An Examination of the Complementarity of Interpersonal Behavior

Terence J. Tracey

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104 Scopus citations


The complementarity of behavior as moderated by the base rates of consequent behaviors, the differences attributable to friendly and hostile antecedent behaviors, and octant versus quadrant codes was examined. Complementarity was defined using 3 different but overlapping models: R. Carson (1969), D. Kiesler (1983), and J. Wiggins (1979). The Interpersonal Communication Rating Scale (ICRS; S. Strong & Hills, 1986) behavioral ratings on 80 female dyads provided by Strong, Hills, Kilmartin, et al., (1988) were analyzed using the randomization test of hypothesized order relations and correspondence analysis. Results demonstrated that (a) complementarity was supported for each of the 3 definitions (Carson's, Kiesler's, and Wiggins's), (b) complementarity fit the data better if account was taken of the base rate of behavior, (c) complementarity was more prominent if the antecedent behavior was friendly rather than hostile, and (d) complementarity of quadrant behavior was fairly strong. Results are discussed with respect to the measurement of interpersonal behaviors and the construct of complementarity.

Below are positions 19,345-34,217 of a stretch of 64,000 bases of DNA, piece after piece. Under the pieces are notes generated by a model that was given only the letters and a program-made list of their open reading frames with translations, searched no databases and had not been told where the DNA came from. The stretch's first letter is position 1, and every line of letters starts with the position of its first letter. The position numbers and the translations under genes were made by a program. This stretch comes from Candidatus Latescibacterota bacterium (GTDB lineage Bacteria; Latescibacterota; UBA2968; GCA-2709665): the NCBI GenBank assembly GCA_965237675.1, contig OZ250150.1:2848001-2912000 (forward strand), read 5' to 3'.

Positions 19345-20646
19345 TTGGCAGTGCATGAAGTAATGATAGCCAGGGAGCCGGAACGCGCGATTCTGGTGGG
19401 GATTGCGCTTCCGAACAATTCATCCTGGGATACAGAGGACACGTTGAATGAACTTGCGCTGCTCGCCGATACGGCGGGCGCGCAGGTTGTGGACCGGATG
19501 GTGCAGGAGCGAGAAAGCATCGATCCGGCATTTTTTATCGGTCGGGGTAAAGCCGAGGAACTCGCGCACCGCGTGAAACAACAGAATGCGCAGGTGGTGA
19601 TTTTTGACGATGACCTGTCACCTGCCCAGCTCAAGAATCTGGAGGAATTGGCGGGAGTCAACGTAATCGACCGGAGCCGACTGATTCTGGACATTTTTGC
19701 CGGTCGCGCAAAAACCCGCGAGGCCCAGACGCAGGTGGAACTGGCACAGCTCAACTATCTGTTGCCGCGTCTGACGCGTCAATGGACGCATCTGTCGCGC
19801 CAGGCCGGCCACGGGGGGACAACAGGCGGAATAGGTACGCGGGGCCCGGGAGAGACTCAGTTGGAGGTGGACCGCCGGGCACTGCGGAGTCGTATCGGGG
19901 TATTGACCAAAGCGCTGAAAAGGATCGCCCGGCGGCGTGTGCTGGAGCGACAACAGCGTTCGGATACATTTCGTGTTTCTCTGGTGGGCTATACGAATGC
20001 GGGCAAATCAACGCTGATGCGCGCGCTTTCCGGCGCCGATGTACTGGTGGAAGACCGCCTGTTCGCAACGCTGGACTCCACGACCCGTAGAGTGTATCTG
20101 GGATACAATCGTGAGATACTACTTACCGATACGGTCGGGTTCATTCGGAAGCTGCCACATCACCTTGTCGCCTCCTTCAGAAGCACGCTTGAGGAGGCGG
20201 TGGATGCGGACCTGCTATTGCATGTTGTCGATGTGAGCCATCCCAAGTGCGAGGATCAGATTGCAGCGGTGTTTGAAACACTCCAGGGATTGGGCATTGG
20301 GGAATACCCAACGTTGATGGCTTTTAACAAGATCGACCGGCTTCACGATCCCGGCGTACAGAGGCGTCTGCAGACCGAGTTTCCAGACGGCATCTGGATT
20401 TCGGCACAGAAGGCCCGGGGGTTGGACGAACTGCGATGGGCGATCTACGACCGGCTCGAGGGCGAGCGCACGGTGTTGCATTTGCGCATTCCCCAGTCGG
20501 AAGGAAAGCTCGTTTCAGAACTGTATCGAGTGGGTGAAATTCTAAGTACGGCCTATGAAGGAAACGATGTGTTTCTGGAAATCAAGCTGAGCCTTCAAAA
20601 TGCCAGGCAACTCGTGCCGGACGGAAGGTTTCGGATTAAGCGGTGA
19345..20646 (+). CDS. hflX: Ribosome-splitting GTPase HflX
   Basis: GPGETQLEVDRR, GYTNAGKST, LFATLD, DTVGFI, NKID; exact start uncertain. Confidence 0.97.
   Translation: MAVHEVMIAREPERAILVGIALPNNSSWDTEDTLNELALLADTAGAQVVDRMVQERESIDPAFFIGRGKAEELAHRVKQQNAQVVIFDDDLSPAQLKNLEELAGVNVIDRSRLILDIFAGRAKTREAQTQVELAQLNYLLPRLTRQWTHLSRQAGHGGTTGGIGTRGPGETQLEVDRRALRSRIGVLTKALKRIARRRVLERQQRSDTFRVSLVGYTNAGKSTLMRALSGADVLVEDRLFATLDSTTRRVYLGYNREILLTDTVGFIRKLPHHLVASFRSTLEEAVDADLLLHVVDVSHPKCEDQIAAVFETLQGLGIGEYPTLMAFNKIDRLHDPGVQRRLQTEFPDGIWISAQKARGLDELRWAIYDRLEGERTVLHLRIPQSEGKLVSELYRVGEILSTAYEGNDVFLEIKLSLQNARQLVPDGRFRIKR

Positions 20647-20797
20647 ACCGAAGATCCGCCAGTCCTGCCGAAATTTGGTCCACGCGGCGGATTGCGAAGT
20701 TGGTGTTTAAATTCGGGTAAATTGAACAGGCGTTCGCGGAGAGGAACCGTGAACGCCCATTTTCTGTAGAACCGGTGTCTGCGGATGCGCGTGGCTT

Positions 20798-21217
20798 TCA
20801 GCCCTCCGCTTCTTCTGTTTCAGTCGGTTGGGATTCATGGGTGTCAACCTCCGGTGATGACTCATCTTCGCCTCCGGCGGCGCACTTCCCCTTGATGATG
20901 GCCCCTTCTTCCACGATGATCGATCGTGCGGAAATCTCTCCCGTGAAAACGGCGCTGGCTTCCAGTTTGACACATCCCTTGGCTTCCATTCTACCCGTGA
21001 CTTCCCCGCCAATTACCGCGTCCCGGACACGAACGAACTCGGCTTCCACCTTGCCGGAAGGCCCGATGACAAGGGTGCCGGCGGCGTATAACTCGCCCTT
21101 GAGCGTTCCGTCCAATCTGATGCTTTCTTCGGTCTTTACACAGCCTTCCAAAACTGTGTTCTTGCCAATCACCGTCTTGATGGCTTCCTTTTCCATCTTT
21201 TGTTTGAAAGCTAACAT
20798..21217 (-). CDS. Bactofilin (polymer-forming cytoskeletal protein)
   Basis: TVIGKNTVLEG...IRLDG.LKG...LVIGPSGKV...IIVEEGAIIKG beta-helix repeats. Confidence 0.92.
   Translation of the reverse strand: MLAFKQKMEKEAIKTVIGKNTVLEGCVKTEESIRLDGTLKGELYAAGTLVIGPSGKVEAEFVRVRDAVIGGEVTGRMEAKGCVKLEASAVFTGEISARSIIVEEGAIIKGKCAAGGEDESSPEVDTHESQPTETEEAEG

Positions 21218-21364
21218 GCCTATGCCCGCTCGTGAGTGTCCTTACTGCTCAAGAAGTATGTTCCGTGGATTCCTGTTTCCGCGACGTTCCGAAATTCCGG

Original languageEnglish (US)
Pages (from-to)864-878
Number of pages15
JournalJournal of Personality and Social Psychology
Issue number5
StatePublished - Nov 1994
Externally publishedYes

ASJC Scopus subject areas

  • Social Psychology
  • Sociology and Political Science


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